The play takes place in two time zones. In the first, set in 1959 Chicago, has a traumatised couple, Russ and Bev, preparing to sell their house. Their neighbours, good Rotarians all, are not-so-secretly appalled to find that the potential vendors are a black family. In the second, in 2009 Chicago, the roles are reversed; another couple, Lindsey and Steve want to demolish the house, now in a predominantly black area and build their dream home. Again, they meet with local opposition, this time buried under a thin veneer of liberal sensibility.

Norris’ play asks many interesting questions about issues of race, society and property in both contemporary and recent historic America. (One wonders in passing what the play would have been like if it had been set in 1909 and 2009, or even 2109). It’s certainly as relevant to Britain as it is to America, with countless neighbourhoods changing and gentrifying all over the country. And the already justly infamous scene at the end of the second act, where the couples are goaded into telling ever more outrageous racist jokes against one another, is a hilarious yet horrifying.

The problem, perhaps inevitably, comes in the fact that this is a victim of its own marketing. Calling this ‘the most hilarious comedy of the year’ does it a disservice. Most of the time it’s amusing rather than laugh-out-loud funny, with Stephen Campbell Moore’s oleaginous performance as two not-so-closeted racists getting most of the big chortles. A more serious difficulty with the play is that most of the big points that it makes seem terribly obvious and somewhat mealy-mouthed; racial differences seem hardly the most controversial subject for a 21st century play. Even the most show-stopping moment of invective – you’ll know it when you hear it – is a variation on an old joke that anyone who’s ever hung around a comedy club may well have heard before.

Still, for all this, Dominic Cooke’s vivid and fast-moving production grabs the attention and makes for an enjoyable evening out. Performances across the board are excellent, especially from Campbell Moore, Sophie Thompson in a dual role as a trembly housewife and an ignorant lawyer and Lorna Brown as a ‘yes ma’am, no ma’am’ maid and a cynical contemporary woman. It seems destined to become a talking-point drama so you’d be well advised to see it. Just don’t expect a timeless masterpiece with anything startlingly new to say.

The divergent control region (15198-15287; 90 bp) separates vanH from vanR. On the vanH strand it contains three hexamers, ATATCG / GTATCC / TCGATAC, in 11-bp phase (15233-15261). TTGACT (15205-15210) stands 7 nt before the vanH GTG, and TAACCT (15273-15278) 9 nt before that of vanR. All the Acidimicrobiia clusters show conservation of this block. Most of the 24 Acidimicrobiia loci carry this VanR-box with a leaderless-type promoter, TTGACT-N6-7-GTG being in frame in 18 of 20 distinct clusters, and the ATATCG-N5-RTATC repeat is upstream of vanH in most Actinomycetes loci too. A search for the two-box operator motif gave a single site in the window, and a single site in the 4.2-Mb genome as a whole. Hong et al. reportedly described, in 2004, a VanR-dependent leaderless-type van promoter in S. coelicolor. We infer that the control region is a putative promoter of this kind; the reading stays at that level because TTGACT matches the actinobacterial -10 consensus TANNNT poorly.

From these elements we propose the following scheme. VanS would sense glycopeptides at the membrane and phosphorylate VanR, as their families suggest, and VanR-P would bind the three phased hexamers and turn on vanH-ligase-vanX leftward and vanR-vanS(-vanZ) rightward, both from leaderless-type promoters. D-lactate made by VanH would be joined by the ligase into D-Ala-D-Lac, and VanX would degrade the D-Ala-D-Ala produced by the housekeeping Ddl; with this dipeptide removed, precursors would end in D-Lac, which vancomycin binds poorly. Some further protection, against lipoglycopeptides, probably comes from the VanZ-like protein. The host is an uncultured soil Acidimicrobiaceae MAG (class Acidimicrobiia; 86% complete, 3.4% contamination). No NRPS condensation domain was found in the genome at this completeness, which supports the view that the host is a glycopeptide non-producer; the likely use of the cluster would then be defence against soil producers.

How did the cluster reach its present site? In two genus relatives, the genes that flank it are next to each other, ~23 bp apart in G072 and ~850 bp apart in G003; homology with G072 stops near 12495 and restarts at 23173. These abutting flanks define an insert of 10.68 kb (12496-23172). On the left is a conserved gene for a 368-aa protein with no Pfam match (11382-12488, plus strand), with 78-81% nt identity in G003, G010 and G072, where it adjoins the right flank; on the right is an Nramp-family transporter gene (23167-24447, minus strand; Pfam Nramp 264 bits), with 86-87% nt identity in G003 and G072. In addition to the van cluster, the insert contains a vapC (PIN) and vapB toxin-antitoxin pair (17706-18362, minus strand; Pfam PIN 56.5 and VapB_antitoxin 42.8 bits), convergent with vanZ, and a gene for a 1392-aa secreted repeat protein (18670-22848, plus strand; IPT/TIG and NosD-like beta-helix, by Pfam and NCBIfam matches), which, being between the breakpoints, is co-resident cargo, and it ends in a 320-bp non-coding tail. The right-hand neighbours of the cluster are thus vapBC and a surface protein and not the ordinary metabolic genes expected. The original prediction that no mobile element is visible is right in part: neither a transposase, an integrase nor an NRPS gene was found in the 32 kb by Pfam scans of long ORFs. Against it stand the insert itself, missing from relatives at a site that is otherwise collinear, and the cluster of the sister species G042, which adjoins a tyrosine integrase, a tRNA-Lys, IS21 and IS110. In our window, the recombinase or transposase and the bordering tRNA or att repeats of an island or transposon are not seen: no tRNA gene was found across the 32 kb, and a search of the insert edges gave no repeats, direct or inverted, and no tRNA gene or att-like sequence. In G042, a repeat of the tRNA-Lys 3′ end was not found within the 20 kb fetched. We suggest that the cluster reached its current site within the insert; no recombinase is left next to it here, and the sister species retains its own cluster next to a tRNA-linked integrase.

RIP John Barry

Posted in Film, Music with tags , , on February 5, 2011 by alexlarman

So, John Barry ‘passed away’, died, shuffled off this mortal coil or whatever you want to call it earlier this week. It wasn’t a huge surprise – the man was 77, and had been in poor health for several years – but it still marked the end of an era. With the exception of John Williams, Barry marked the last of a golden age of film composition, where Romance and romance could still mesh and where string-soaked melodrama was the perfect accompaniment to cinema, not the latest pop hit or remix.

Barry, a notable Yorkshireman, first became famous for his work with the Bond series, and of course his main themes for the films are enough to ensure his place in film scoring history forever. However – and this is where I might differ from the vast majority of readers – I find that it’s his later work that becomes most interesting. From the early 70s onwards, he became the absolute master of romantic melancholy, with scores to often mediocre and forgotten films (Raise The Titanic? Howard The Duck? High Road To China?) offering sweeping, pensive beauty and scope. And of course, if he scored something that would endure, such as Out Of Africa or Dances With Wolves, his trademark meshing of brass and strings became something quite extraordinary.

One could quibble that Barry was ultimately a one-trick pony, with a trademark sound that came to be almost parodic of itself (and, indeed, was rejected from many of his later films, with his final score being the almost deliberately old-fashioned music to Michael Apted’s WWII romantic thriller Enigma). But this would be to ignore the remarkable scope of his music, which beautifully summons up great vistas of land and space, amazing adventures and the awesome regret of lost love. It’s a shame he never got to score The Great Gatsby in any of its incarnations, because that sense of melancholia and undying, failed romance were so key to so much of his work.

Anyway, here are a few of my favourite pieces by the great man. Enjoy.